STATEMENT OF RESEARCH PURPOSE
Christina Anaya, Iceland, Ecology
Freshwater and Marine Snails as Parasite Biodiversity Indicators in Iceland.
Parasites are one of the most diverse and understudied groups of organisms on the planet, with multiple species inhabiting the same host. It is well known that parasites play a variety of important roles including their influence on host communities, populations, and food security for humans. Unfortunately, the biodiversity of parasites is largely understudied despite current estimates that more than 50% of all plant and animal species demonstrate a life cycle stage that is parasitic. Recent studies indicate that global warming can affect parasite biodiversity. With my Fulbright/National Science Foundation Arctic Research Award, my objective is to conduct a novel investigation into the biodiversity of parasites and their association with aquatic and marine snails that act as intermediate or dead-end (no further development of parasite) hosts in Iceland. Through the collaboration of researchers at Hólar University College, this research will provide parasite presence and distribution data in a subarctic region.
According to the 2014 Arctic Biodiversity Assessment (ABA), baseline and long-term data on parasite diversity is lacking in Arctic regions such as Iceland. As a result, the impact of parasites on ecosystem health due to climate change and their consequences to the people that live there are not well understood. Iceland is located at the interface of temperate and Arctic regions making it a unique area for study because it is more susceptible to perturbations in temperatures due to its small size and location compared to other northern landmasses. Iceland is also the land of fire and ice where unique geothermal activities create a variety of warm and cold habitats where parasites can colonize.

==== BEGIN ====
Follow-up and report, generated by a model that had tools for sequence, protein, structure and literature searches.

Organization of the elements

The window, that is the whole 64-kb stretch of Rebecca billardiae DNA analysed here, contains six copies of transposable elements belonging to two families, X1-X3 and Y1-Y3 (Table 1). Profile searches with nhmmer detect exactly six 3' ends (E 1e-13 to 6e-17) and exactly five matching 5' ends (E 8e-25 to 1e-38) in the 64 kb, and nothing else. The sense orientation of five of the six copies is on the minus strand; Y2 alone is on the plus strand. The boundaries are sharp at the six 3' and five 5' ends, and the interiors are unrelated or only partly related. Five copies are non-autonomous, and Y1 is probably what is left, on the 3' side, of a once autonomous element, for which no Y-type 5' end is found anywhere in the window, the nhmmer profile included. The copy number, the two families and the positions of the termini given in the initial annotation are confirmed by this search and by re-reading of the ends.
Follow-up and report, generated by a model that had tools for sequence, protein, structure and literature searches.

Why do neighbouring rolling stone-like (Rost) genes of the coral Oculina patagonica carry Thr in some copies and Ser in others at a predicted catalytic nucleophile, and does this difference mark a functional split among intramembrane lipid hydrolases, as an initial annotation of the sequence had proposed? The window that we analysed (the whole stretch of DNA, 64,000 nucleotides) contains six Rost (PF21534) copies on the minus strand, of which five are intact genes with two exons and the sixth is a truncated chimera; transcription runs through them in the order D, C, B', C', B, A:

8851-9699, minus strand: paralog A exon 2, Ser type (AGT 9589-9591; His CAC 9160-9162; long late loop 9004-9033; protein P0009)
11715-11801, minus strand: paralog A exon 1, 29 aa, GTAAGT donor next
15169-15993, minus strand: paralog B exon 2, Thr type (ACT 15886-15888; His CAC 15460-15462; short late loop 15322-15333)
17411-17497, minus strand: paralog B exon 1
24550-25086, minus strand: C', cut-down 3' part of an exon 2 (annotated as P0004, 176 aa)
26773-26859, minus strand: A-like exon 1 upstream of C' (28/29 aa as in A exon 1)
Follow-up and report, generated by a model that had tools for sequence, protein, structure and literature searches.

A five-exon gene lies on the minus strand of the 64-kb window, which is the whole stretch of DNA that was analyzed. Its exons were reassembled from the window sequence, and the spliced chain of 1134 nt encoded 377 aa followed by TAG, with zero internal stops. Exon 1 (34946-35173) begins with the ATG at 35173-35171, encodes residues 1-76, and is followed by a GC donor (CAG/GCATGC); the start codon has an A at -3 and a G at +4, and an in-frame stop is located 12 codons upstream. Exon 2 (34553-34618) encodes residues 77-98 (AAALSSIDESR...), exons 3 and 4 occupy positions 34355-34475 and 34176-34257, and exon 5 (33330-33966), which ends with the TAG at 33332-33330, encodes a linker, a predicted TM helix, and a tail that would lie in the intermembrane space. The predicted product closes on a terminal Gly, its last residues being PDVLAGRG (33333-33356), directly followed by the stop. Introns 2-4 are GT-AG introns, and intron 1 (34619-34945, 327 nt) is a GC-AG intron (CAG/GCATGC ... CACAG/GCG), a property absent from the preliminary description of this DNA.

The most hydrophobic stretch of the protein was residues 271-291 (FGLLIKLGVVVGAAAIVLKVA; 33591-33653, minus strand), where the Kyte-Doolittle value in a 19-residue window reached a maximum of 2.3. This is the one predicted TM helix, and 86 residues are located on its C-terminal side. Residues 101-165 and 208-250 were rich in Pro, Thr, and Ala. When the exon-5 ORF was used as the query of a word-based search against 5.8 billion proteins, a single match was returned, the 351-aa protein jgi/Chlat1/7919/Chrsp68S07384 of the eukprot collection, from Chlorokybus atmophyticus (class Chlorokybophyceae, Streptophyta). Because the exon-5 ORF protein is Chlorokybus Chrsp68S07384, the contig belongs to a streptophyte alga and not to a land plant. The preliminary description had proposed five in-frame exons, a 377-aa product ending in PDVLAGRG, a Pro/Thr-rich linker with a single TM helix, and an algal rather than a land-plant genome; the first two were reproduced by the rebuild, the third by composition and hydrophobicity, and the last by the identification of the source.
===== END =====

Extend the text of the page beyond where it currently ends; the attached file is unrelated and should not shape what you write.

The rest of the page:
The ABA recommends that parasite communities in Arctic regions be evaluated to create baseline data of the current state of parasite diversity. With this data, changes in distribution over time can be monitored. Therefore, the goals of my research deal with the documentation and discovery of parasite diversity in Iceland for which comparatively little data is available. One reason for this lack of data is that it takes a considerable amount of time and expertise to collect and examine various groups of hosts and their parasites. However, in freshwater and marine ecosystems, snails are an excellent indicator for parasite diversity because they serve as hosts in the life cycles of all major groups of parasites of vertebrates and some invertebrates. For example, of the nearly 25,000 species of trematodes (flukes), all use a snail as an intermediate host in their life cycles. Therefore, using snails to examine parasite diversity provides important information for both snails and the parasites of vertebrate hosts such as fish, birds, and mammals (food staples of some cultures). Sampling vertebrate hosts for parasites is more difficult due to the time, costs, and permits involved. Using snails as indicator hosts removes the obstacles and complexity involved in sampling vertebrates and allows rapid assessment of parasite diversity in the region. My research in Iceland is a unique investigation that can be used in future hypothesis testing of how climate change will affect biodiversity of parasites and their hosts. This research, in collaboration with Dr. Bjarni Kristjánsson at Hólar University College, emulates the fundamental principles that the Fulbright program and cultural exchange strive to accomplish.